How to Get Your Child to Stop Touching Things in the Waiting Room.
Back before germs were a big deal, my daughter Ava, who had just turned three, was sick with something and we ended up in the Doctor’s office. Although she was sick, it wasn’t taking her down. In fact, she seemed almost completely fine and was her normal active self.
We made it into a private exam room quickly but I knew from experience we would be in there for quite a while.
It started almost immediately even though I had my daughter’s game device with us. She wasn’t interested in that old thing when there was all this cool stuff to play with, a mushroom like rolling stool, a mountainous step table, a talking trash can with a peddle. There was no stopping her.
I gave her specific instructions not to touch anything.
She tried her hardest to follow the rules, only opening the trash can by using the foot peddle, not touching the step with her hands. Don’t put anything in your mouth or your mouth on anything.
Overall she did a very good job following directions but she could only maintain that level of restraint for so long. It was so hard for her to hold my instructions in her mind while also figuring out the best way to interact with all of these new objects.
I could see the situation deteriorating. I was becoming desperate. I needed a solution. Then it came to me!
Simon says stand on one leg. Ava’s reaction was immediate. She stood in front of me with rapt attention, on one leg, with a huge smile on her face. We had never played this game together before. I felt like a bad mother. I don’t even know where she learned to play it.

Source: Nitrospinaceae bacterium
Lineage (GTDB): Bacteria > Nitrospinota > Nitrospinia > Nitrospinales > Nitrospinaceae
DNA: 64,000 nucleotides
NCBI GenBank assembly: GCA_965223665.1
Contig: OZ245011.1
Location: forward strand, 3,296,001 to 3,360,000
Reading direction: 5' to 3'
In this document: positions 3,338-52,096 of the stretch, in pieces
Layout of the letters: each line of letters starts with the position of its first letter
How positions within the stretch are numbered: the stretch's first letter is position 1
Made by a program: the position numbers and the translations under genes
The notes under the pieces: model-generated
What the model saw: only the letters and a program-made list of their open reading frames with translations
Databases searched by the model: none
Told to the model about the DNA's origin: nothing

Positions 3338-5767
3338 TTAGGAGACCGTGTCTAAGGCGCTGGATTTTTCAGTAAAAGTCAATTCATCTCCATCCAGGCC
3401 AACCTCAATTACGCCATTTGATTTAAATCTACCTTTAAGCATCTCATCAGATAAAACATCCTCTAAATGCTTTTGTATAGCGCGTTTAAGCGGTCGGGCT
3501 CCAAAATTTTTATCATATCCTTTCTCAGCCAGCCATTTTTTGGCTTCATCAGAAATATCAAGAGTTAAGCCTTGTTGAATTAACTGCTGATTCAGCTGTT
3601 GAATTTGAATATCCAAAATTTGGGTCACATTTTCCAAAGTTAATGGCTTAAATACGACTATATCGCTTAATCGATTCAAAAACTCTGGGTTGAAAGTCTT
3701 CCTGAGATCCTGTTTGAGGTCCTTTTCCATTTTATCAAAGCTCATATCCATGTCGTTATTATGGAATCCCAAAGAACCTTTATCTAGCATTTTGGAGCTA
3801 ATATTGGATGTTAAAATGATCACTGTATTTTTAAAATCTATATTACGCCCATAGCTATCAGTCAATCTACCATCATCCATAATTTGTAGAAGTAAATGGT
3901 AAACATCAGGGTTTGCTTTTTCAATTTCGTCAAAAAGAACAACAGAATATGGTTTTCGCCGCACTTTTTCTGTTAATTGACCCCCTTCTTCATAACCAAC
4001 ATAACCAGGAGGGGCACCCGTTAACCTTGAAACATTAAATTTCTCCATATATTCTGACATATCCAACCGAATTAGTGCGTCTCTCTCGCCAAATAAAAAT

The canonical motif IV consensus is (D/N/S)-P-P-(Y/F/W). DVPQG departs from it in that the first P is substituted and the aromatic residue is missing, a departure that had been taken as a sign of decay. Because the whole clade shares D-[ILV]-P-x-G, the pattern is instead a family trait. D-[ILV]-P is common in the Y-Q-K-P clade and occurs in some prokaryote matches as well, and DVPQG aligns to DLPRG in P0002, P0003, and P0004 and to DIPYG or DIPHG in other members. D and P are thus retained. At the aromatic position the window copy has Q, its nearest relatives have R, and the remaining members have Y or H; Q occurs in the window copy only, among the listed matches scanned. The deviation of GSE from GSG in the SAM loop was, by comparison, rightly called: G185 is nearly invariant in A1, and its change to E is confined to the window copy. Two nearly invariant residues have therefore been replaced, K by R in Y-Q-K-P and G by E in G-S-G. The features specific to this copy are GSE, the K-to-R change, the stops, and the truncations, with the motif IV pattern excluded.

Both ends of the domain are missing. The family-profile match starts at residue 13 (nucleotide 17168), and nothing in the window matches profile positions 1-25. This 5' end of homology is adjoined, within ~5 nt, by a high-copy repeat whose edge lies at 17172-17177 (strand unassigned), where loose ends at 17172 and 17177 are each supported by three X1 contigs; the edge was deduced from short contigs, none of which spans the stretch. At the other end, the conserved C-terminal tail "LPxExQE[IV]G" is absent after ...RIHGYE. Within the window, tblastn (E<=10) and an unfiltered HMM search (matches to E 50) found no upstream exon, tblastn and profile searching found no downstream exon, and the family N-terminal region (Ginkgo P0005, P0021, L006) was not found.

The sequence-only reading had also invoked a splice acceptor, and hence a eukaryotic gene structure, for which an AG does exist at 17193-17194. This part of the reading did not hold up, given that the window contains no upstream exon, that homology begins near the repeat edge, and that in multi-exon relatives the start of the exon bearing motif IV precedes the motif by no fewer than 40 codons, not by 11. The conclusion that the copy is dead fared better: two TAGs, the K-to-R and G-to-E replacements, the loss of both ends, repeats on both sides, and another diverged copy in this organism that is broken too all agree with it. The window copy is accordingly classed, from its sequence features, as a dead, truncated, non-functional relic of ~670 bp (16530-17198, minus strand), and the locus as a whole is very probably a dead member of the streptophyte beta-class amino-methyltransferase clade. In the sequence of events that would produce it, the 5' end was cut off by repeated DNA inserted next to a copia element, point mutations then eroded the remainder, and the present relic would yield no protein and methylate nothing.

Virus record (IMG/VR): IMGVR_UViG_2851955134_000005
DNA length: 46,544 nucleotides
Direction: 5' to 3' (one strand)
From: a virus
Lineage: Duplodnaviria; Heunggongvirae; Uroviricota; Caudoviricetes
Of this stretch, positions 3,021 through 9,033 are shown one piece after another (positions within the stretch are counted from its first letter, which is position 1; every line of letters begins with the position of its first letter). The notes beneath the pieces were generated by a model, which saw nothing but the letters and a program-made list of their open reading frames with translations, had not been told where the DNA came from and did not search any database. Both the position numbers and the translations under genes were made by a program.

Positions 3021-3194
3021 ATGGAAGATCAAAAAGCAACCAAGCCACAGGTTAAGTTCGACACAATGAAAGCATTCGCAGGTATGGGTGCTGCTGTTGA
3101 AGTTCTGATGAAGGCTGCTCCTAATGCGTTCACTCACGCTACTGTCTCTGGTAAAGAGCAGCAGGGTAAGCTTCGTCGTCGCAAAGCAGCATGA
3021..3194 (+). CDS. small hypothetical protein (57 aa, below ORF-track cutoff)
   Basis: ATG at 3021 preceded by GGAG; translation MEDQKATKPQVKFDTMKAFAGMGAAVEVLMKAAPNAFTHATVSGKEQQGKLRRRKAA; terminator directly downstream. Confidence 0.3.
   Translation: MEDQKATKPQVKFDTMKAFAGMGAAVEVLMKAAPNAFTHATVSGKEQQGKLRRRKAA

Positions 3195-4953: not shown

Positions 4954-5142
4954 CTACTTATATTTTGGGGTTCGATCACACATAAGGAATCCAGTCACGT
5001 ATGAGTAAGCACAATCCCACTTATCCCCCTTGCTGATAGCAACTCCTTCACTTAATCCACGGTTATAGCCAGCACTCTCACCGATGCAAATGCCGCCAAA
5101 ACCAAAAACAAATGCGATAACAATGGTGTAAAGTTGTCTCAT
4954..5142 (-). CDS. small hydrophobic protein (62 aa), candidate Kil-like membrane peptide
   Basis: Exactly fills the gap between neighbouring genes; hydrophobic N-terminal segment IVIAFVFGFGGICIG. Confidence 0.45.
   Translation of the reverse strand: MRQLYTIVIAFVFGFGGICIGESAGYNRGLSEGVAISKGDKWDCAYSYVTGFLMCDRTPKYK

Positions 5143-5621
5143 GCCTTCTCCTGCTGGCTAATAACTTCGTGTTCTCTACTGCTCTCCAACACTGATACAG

She went on and on following all of the instructions that Simon said, some harder than others, and she loved every minute. To my surprise, I was also having fun, real fun. This was no longer just a chore of waiting somewhere that I really didn’t want to be. I was happy to be here in this moment, having this experience with her.
As I tried to come up with moves that would challenge her, her creative mind worked to meet each challenge. We played and played until finally the doctor arrived. Ava didn’t care that I sometimes repeated the same moves more than once, or sometimes over-complicated things. She was just so happy that I was playing with her.
On this day, I felt like I had re-discovered one of life’s gems. Play. Of all the precious joys that had come during Ava’s infancy, this was on another level. Pure gold.
As parents, these opportunities surround us everyday. Your child’s mission is to remind you how to have fun, the kind of fun you used to have as a child. They persistently and patiently work with you until you agree to play with them. They will try to entice you to be fully present in the moment while playing but they can’t force you to do this. You have to realize the opportunity and choose to take advantage of it.
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